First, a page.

Where next for the Solomon Islands?
Monday, April 24, 2006
Where next for the Solomon Islands?
Years of violence and conflict have left Solomon Islanders feeling disenfranchised and distrustful of state institutions, say a trio of academics who specialise in Pacific Island affairs.
Dr Bethan Greener-Barcham and Dr Manuhuia Barcham at the University’s Centre for Indigenous Governance and Development, along with Solomon Islander colleague Paul Roughan, say the post-election rioting reveals fundamental problems with the Regional Assistance Mission to the Solomon Islands (RAMSI).
The Massey team have been working with Mr Roughan, a fellow at the Islands Knowledge Institute a Solomon Islands research institute based in Honiara, for the last year. Their research has focussed on whether or not RAMSI - a regional police-led mission backed by military force that has been in place since 2003 – is delivering the best that it can within a complex situation.
Their research suggests that the current problems in the Solomons stem from several main areas:
- The first is the overall issue of nation-building.
“The state has often not played much of a role in the lives of ordinary people. Church and local community groups have often been the providers of basic services such as health and education. What stake, then, do people have in the rebuilding of an institution that took taxes and became implicated in corrupt and violent acts? Moreover, this state is being rebuilt with heavy international involvement.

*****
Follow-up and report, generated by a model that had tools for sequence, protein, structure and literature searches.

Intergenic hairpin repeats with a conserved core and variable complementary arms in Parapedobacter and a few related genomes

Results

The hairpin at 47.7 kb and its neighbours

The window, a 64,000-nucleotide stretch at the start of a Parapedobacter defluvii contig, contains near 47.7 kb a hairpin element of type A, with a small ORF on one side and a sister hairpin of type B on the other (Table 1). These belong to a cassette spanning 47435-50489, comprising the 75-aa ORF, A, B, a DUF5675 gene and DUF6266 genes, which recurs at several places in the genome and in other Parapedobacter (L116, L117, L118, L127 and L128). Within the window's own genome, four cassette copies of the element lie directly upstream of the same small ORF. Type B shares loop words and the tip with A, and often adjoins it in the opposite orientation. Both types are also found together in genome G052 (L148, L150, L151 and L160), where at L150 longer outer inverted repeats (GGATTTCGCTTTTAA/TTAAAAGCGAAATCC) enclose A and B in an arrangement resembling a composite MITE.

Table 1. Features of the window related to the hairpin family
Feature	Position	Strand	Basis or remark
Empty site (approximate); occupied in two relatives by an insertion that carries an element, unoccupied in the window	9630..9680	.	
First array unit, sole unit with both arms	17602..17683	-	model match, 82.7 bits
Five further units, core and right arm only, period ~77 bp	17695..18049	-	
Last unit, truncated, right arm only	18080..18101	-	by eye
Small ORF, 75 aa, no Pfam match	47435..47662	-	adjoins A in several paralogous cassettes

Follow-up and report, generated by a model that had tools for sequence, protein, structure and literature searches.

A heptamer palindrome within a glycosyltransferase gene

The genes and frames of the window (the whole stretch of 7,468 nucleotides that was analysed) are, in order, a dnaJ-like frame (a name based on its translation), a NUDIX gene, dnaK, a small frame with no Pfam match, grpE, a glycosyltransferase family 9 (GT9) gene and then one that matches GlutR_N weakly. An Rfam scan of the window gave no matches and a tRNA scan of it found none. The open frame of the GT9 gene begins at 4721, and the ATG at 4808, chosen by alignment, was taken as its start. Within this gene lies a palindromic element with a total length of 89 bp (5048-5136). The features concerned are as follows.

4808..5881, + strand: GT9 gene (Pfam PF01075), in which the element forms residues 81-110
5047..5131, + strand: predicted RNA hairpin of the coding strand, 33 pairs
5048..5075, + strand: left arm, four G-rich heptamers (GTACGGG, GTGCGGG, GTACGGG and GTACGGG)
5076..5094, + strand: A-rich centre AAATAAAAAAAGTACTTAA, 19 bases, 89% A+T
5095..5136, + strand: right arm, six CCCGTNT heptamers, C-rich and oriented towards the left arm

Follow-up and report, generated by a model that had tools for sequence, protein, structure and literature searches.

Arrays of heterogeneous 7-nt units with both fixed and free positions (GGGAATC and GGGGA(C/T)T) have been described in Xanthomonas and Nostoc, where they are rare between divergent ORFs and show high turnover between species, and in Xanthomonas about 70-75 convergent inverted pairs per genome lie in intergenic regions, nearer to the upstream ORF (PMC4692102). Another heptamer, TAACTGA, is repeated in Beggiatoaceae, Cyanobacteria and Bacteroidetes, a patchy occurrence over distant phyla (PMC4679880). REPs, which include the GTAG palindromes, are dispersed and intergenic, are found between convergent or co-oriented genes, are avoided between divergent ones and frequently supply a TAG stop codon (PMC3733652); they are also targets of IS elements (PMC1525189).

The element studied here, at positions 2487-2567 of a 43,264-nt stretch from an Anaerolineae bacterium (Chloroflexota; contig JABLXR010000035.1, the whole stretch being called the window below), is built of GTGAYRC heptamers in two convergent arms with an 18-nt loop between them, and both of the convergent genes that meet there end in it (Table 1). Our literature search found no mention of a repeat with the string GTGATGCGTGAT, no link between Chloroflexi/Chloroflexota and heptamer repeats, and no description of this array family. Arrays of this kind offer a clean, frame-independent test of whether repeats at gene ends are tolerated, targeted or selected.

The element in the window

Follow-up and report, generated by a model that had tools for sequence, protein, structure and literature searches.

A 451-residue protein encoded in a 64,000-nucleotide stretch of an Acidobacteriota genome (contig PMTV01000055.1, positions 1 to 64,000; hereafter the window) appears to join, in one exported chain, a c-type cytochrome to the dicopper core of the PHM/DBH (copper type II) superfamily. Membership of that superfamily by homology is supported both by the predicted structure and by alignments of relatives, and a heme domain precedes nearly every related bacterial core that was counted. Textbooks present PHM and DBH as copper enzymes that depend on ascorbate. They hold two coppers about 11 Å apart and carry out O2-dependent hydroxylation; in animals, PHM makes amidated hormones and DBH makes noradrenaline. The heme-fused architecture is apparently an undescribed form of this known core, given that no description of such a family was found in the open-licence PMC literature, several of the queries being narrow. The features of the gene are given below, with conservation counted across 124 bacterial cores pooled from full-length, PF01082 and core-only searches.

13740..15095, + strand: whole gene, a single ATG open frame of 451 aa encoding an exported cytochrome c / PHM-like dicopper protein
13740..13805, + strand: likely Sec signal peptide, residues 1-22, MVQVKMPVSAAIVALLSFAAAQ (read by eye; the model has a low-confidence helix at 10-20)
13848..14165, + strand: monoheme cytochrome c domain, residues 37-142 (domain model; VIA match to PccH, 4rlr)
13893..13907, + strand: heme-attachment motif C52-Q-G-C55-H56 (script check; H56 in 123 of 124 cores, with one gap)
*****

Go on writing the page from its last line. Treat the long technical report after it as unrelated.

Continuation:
The key issue of local ownership of this state-building process has not been central enough to RAMSI’s mission. For example, the placement of an Australian in the position of Accountant General might not on itself be too overpowering. Yet combined with the fact that both the Commissioner and Deputy Commissioner of Police are also still posts currently held by outsiders it is difficult for Solomon Islanders to see where this process is heading in terms of the future of their own political destinies.”
- The second lies in low levels of capacity within Solomon Islands.
“Given the large number of people involved in previous troubles, it is difficult to rebuild essential services such as police and government without potentially needing to use people implicated in those troubles. This has been the case in terms of purging and then rebuilding the previously highly corrupt and volatile Royal Solomon Islands Police Force (RSIPF), and – as the latest violence shows – in terms of politicians associated with or implicated in previously unsavoury activities. RAMSI personnel have not had a great enough awareness of the interests and relationships at stake.”
- The third problem is the question of sustainability.
“Once RAMSI leaves, what will happen? Will the Solomons’ be financially and socially sustainable?
There is a feeling of uncertainty about RAMSI’s level and length of commitment to the Islands that leaves much room for rumour and conjecture that feeds manipulation and tension. This crisis is therefore both a tragedy and an opportunity.
It has injected uncertainty into a situation that had seemed to be stabilising – creating threats to lives, property and to future investment and development projects. However that uncertainty also opens up a chance for a move beyond mere crisis management. RAMSI officials need to seize the opportunity to engage more broadly with the issues and people involved in this mission if they are to salvage the aim of helping to get life back on track.”